Reject Educational Savings Accounts

Lisa Kilpatrick
Lisa Kilpatrick

We appreciate State Sen. Don Huffines’ willingness to serve as an elected official, but we strongly believe that his bill for educational school savings accounts will hurt an already crippled public school system. We urge the legislature to make funding of public schools a priority and not take even more funding away from public schools.

Article 7 of the Texas Constitution says it is “the duty of the Legislature of the State to establish and make suitable provision for the support and maintenance of an efficient system of public free schools.” This is not happening in the state of Texas.

If this legislation passes, for every student who leaves the public school and requests a voucher, a.k.a. “educational savings account” (ESA), approximately $6,000 per student would be funneled from the public school.

Although that might only be a handful of HPISD students, HPISD’s costs associated with them would likely not decrease. If two students from each of our seven schools opt for these vouchers, the district would receive about $84,000 less funding from the state. However, HPISD would still have the same costs. Texas continues to be in the bottom third of states in per pupil funding. How can lawmakers justify sending funds to private schools when they can’t fund the public school system we currently have?

Proponents of ESAs would have you believe that their plan would allow students attending poor-performing schools to escape to private schools where they would have an opportunity to succeed.

The voucher as initially proposed by the legislature this session would not even cover half of that tuition. Unlike public schools, these private schools may accept or reject whomever they choose and are not required to provide an education to students with special needs.

Under the voucher system, private schools would not be required to meet the same state curriculum requirements that govern public schools. Additionally, private schools would not be required to keep the same fiscal accountability as public schools. During this time of budgetary shortfalls, it is not the time to move state funding from public schools in favor of ESAs.

Since 1994, HPISD has sent more than $1.2 billion dollars to Austin to be redistributed to “property poor” school districts. The Highland Park Education Foundation was formed with the mission “to actively seek resources and relationships to assist in the preservation and enrichment of quality education throughout the HPISD.”

In 2003, a group of volunteers began the district’s Mad for Plaid campaign to provide assistance toward the school district’s budgetary shortfall due to recapture.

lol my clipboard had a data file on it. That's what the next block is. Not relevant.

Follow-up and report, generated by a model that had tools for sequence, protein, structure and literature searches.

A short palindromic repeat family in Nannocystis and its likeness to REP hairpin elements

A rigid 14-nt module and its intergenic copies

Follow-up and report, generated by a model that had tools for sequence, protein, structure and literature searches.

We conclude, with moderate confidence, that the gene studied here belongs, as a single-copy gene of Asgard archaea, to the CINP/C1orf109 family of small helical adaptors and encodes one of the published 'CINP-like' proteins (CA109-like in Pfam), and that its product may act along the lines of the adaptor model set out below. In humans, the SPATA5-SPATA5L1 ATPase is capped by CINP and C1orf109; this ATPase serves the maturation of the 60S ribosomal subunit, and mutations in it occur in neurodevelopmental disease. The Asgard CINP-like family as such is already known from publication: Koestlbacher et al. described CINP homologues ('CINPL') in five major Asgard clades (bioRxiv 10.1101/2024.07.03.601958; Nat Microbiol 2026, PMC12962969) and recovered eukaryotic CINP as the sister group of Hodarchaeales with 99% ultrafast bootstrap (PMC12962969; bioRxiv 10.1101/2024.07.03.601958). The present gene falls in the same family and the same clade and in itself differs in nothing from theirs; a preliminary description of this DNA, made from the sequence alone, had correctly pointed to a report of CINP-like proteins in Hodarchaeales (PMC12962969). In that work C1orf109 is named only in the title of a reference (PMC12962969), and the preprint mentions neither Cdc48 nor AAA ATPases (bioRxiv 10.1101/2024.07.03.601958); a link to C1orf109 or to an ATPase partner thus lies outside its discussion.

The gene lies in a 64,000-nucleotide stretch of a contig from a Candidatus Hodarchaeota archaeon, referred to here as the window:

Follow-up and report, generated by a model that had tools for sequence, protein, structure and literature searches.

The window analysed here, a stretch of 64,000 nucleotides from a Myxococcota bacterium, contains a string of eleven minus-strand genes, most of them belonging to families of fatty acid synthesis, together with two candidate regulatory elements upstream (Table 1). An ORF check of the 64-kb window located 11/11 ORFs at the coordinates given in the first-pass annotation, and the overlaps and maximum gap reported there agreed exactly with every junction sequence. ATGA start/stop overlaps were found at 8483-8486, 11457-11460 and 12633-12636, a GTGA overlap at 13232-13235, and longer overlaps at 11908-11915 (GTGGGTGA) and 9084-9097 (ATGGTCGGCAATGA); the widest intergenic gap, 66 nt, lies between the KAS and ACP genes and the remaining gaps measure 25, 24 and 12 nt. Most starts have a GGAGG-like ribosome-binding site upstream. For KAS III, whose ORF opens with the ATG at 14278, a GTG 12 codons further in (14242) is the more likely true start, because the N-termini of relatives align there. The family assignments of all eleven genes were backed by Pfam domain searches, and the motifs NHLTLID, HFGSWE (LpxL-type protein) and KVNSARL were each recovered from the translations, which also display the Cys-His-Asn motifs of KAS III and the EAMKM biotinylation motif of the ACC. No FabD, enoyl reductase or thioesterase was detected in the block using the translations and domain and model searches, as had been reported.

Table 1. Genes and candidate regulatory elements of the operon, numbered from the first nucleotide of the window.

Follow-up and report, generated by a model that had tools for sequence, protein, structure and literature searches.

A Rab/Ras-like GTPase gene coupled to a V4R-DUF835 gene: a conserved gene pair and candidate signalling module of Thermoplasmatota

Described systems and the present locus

Each year, the HPISD School Board wisely recommends to keep our property taxes low in order to encourage Park Cities residents to use the money saved to donate towards the campaign, and thus, not available for recapture by the state.

The reality of finance in HPISD is that we would not be able to fund our schools at their current level of excellence without the private fundraising efforts within our district. If ESAs pass in the legislature, then our community would have to redouble our efforts to increase fundraising efforts even more to account for the additional deficit which we would face.

As a parent of four children, there is a very finite limit on the funds we can contribute and we are already feeling our finances stretched too thin.

Property taxes have risen 44.2 percent since 2008, while education funding increased by only 12.7 percent. This makes me question the priorities of our legislature.

When the Texas Supreme Court ruled that Robin Hood was constitutional last year, it also said, “Texas’ more than five million school children deserve better than serial litigation over an increasingly Daedalean ‘system.’ They deserve transformational, top-to-bottom reforms that amount to more than Band-Aid on top of Band-Aid. They deserve a revamped, nonsclerotic system fit for the 21st century.”

In 2016, Wayne Pierce, director of the Texas Children Advocacy Project, said that even though the court had given legislators the power to make a difference, he doubted whether they would do enough and likened their response to going out on “some tangential rabbit trail.”

ESAs are nothing more than a rabbit trail, and I urge you to contact Sen. Huffines to let him know they are the wrong direction for Texas public schools.

Lisa Kilpatrick is the president of the Highland Park High School P.T.A.

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